8 Thus, the citric acid cycle: 1. is the final step in the conversion of all foods to and H is the major source of reducing equivalents (NADH and FADH 2 ) used by the cell to generate ATP (via oxidative phosphorylation). 3. is the central pathway that interconnects all others. a. Excess carbohydrate can be converted to protein* and fat. b. Excess protein can be converted to carbohydrate or fat. c. However, net conversion of fatty acids to carbohydrate and most amino acids is not possible. *Note: Some amino acids cannot be synthesized by the body and are, therefore, essential components of the diet. In the absence of these essential amino acids, net conversion of carbohydrate to complete proteins is impossible. 4. The citric acid cycle requires a constant supply of oxaloacetate to keep going. (What enzyme supplies oxaloacetate when we break down carbohydrate?) (Why is this enzyme activated by acetyl oa?) 5. Since oxaloacetate is depleted by gluconeogenesis, Dr. Atkins has postulated that fat calories won t be utilized in the absence of carbohydrate. Based on what you now know about the citric acid cycle, what is the basic falacy of this hypothesis? (Where does oxaloacetate come from when we break down protein?)

9 Why Does Atkins Diet Appear to Work? H H 2 retention (short term) long term: wt loss = caloric balance high H weight high fat time Any healthy diet will do Main argument against Atkins = unhealthy diet Low carbohydrate versus low fat diets will be covered in more detail in lecture. Key Points about the itric Acid ycle 1. ofactors for the pyruvate dehydrogenase reaction and their corresponding vitamins. thiamine pyrophosphate lipoic acid coenzyme A FADH 2 NAD thiamin pantothenic acid riboflavin niacin 2. Regulation of.a.. When 2 limiting it causes an increase in [NADH] which causes inhibition (NADH = direct end product.a..).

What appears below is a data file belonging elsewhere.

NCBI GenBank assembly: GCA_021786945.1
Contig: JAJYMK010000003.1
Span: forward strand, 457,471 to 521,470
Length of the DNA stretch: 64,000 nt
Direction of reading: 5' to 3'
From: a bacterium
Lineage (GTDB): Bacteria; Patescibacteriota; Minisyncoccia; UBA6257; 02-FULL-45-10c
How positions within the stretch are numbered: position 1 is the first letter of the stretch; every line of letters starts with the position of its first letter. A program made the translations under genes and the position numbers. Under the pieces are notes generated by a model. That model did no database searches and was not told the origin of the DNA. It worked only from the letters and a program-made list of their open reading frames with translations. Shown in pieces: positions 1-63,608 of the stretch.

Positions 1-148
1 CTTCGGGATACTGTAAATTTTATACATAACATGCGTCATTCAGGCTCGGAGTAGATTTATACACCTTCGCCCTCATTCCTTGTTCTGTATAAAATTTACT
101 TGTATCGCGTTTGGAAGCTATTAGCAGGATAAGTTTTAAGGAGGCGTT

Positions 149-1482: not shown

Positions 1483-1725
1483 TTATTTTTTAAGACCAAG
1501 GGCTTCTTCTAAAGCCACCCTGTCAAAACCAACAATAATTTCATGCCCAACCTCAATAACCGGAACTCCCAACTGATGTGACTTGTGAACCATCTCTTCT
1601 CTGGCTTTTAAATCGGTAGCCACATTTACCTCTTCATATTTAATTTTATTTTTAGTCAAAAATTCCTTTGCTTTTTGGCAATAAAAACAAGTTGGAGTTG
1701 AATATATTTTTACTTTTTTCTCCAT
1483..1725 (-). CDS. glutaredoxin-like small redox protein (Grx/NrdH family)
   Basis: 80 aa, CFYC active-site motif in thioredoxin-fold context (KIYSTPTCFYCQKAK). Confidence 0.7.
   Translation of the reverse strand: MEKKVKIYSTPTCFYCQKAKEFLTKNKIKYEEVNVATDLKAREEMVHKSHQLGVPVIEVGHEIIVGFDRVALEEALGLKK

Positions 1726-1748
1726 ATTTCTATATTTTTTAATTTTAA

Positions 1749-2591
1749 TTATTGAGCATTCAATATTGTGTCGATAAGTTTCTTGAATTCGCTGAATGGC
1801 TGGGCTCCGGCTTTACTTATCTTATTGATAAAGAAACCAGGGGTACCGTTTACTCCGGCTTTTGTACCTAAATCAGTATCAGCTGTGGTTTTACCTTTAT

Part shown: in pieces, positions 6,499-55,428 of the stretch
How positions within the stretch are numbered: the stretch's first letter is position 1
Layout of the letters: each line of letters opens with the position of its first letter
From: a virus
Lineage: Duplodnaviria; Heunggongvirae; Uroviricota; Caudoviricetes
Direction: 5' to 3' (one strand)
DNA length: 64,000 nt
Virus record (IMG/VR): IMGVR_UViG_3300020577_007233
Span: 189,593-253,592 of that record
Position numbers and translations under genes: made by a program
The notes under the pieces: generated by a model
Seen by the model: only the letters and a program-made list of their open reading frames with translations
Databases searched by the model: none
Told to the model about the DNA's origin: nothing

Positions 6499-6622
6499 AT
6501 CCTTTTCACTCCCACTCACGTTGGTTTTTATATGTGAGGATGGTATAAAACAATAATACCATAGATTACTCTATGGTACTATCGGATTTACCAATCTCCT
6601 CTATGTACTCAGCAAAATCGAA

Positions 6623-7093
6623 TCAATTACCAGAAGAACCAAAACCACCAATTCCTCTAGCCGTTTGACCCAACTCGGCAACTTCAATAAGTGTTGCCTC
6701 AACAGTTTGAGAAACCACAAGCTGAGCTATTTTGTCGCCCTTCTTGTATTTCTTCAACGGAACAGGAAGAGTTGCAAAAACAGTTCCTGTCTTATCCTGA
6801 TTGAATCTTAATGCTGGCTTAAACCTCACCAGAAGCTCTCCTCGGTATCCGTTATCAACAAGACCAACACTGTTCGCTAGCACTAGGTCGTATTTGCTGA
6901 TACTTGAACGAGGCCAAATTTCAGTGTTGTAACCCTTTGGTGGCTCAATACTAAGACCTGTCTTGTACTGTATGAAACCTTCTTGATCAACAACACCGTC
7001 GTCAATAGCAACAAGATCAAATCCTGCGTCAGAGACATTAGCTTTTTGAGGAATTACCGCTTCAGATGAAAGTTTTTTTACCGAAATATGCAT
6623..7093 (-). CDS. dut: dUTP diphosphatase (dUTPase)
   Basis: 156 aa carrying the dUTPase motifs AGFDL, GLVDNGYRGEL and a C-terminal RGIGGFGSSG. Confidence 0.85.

10 When cell has more energy than it needs the concentration of [ATP] increases, which causes inhibition. ATP = end product.a.. and ox. phos. This diverts pyruvate, acetyl oa and amino acids to other pathways 3..A.. and ther Pathways It is the final step for conversion of all foods to and H 2. It is the central pathway that interconnects all others. H can be converted to protein or fat. Some protein can be converted to H or fat. Fat cannot be converted to H or protein. AA is needed to keep the.a.. going. SAMPLE QUESTINS Each of the following questions has one correct answer. 1. The overall reaction of the pyruvate dehydrogenase complex produces: NADH, H,, and a. lactate b. oxaloacetate c. citrate d. ATP e. Acetyl oa 2. The citric acid cycle and oxidative phosphorylation both occur in the: a. lysosomes b. nucleus c. zymogen granules d. cytoplasm e. mitochondrion

11 3. The citric acid cycle "begins" with citrate synthase catalyzing the formation of citrate from: a. succinyl oa pyruvate b. acetyl oa pyruvate c. acetyl oa oxaloacetate d. furmarate oxaloacetate e. pyruvate lactate

12 Answers 1. e 2. e 3. c omments 1. Pyruvate dehydrogenase is a key enzyme. You are, therefore, asked to remember that it converts pyruvate to acetyloa. 2. You need to know the location of metabolic pathways. e is correct. 3. Again this is a key enzyme. You are asked to remember the substrates.